Dale Yu: Review of Dragon Island

Dragon Island

  • Designer: Mike Fitzgerald
  • Publisher: R&R Games
  • Players: 2-4
  • Age: 14+
  • Time: 60 minutes
  • Times played: 3, with preview copy provided by R&R

In Dragon Island, players are Wizards stuck on an island filled with Dragons.  The island itself is made up of double sided hex shaped terrain tiles – starting with the Wizard’s keep tile in the center of the table to start.  Each player gets their Wizard Start tile (in their player color) as well as a random tile, a treasure map card and a screen to hide all of their stuff behind.  Players also get a set of Pet Dragon cards, one in each of the 5 colors.


This screen also serves as the player aid – with most of it being devoted to outlining the eight actions of a player turn.  It can be a bit confusing at first, but the aid is helpfully color-coded to walk you through it.  On each turn, there are three Mandatory steps, three Optional steps and two Conditional steps.  They are always taken in this order:

1] Place a tile and Produce (MANDATORY)


Place a tile from behind your screen. You can choose which side is showing.  It must touch either the Wizard’s Keep tile or touch at least two other tiles. Then, take an energy cube matching the color of the tile you placed PLUS one cube/coin for each tile that it touches.  (Yellow hexes provide coins, not cubes – and the Wizard’s Keep tile also provides a coin).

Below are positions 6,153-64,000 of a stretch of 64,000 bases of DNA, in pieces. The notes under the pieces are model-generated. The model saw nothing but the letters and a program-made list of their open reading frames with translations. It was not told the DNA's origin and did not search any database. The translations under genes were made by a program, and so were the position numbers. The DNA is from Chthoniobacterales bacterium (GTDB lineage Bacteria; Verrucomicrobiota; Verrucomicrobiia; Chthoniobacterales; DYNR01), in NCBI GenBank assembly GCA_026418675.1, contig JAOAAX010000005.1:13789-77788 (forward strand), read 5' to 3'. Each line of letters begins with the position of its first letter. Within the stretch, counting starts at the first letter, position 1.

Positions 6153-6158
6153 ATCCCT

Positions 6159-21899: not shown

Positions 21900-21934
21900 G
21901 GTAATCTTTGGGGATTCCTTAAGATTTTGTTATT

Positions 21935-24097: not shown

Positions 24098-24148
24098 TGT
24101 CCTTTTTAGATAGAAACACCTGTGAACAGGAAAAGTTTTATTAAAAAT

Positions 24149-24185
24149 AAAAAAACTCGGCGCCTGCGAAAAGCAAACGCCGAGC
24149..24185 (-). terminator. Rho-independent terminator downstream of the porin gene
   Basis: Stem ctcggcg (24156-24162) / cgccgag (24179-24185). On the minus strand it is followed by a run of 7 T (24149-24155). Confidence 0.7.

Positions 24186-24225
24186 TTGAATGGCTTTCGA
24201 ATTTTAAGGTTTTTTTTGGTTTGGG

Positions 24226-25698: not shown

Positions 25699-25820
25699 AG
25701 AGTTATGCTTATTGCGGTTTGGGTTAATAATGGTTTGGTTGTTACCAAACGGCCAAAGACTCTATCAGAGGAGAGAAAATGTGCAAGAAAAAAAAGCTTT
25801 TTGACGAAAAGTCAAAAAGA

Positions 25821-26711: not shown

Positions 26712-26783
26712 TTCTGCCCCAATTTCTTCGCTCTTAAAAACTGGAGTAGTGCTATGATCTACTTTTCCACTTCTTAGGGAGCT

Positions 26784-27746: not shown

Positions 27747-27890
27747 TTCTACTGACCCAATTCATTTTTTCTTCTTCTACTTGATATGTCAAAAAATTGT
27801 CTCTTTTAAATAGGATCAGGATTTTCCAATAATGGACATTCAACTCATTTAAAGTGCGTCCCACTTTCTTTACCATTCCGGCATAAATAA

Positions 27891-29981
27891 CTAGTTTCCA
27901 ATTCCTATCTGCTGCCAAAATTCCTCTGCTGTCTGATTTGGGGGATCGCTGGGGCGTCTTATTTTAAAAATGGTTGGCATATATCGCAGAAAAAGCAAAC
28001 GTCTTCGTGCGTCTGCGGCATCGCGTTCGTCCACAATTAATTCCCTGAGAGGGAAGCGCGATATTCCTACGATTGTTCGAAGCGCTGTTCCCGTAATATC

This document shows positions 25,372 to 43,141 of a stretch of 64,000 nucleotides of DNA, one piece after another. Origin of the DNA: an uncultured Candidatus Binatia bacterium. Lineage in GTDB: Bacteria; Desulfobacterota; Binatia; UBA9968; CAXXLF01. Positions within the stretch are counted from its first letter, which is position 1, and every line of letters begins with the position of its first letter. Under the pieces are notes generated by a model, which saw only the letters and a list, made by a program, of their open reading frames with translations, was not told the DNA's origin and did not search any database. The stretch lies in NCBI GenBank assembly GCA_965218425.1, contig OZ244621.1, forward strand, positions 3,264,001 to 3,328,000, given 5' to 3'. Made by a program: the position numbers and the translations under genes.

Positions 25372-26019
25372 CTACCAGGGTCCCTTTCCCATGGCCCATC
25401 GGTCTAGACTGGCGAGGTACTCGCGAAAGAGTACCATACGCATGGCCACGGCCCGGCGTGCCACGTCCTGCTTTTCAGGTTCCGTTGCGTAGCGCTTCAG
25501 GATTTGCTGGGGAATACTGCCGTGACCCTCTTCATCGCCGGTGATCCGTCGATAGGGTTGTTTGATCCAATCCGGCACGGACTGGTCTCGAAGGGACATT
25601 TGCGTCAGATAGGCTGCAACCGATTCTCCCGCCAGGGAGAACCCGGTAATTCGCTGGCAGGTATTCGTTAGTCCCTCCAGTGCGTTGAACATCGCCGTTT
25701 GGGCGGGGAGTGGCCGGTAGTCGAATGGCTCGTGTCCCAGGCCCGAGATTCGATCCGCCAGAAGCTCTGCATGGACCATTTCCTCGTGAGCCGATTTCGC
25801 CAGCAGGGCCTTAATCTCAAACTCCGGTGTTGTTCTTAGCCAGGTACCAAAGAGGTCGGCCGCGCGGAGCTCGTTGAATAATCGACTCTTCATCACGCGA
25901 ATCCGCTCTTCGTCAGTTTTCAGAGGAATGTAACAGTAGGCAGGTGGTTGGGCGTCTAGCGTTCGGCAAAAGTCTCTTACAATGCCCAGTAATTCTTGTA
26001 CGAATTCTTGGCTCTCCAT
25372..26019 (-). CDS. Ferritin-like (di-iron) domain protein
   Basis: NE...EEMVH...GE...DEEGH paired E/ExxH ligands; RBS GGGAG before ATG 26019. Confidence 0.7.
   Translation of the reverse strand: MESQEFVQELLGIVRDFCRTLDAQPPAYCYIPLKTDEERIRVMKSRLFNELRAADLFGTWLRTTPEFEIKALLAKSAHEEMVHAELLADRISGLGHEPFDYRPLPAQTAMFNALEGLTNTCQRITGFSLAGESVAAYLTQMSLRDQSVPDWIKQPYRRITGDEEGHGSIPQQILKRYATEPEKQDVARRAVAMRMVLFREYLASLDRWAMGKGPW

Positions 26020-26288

2] Place Dragons (CONDITIONAL)


If there are any Dragon Icons on the board which do not have Dragons nor Buildings on them, fill those hexes with Dragons to match the icon/hex color.

3] Move Dragons (OPTIONAL)


Spend 1 gold coin to move a Dragon from one tile to any other tile on the board – except the Wizard’s Keep.  If you move a Dragon into a Dragon Pen, it is captured there and can no longer move.


4] Move your Wizard (MANDATORY)


You must move your wizard to a new tile each turn.  Three options: A) Move one space adjacent, B) Move to the tile where your Pet Dragon is and then either stay there or move one space adjacent, C) Move to the Wizard’s Keep and then either stay there or move one space adjacent.  Regardless of which option you use, if you move to a space with Dragons on it, you must be able to deal with those Dragons or you cannot move there.


5] Deal with any Dragons on the Tile you ended your turn on (CONDITIONAL)


Two options here:


TAME THE DRAGON – If there is only one Dragon on the tile, you can tame it and make it your pet.  You can only have one pet of each color.  Place the matching Dragon Pet card in front of your screen and place $3 on it.  As long as you have money on this card, that dragon will be your pet.  Pet Dragons give you extra options when moving your wizard as you can fly to them.  Each color of Pet Dragon also has a special ability that they grant you.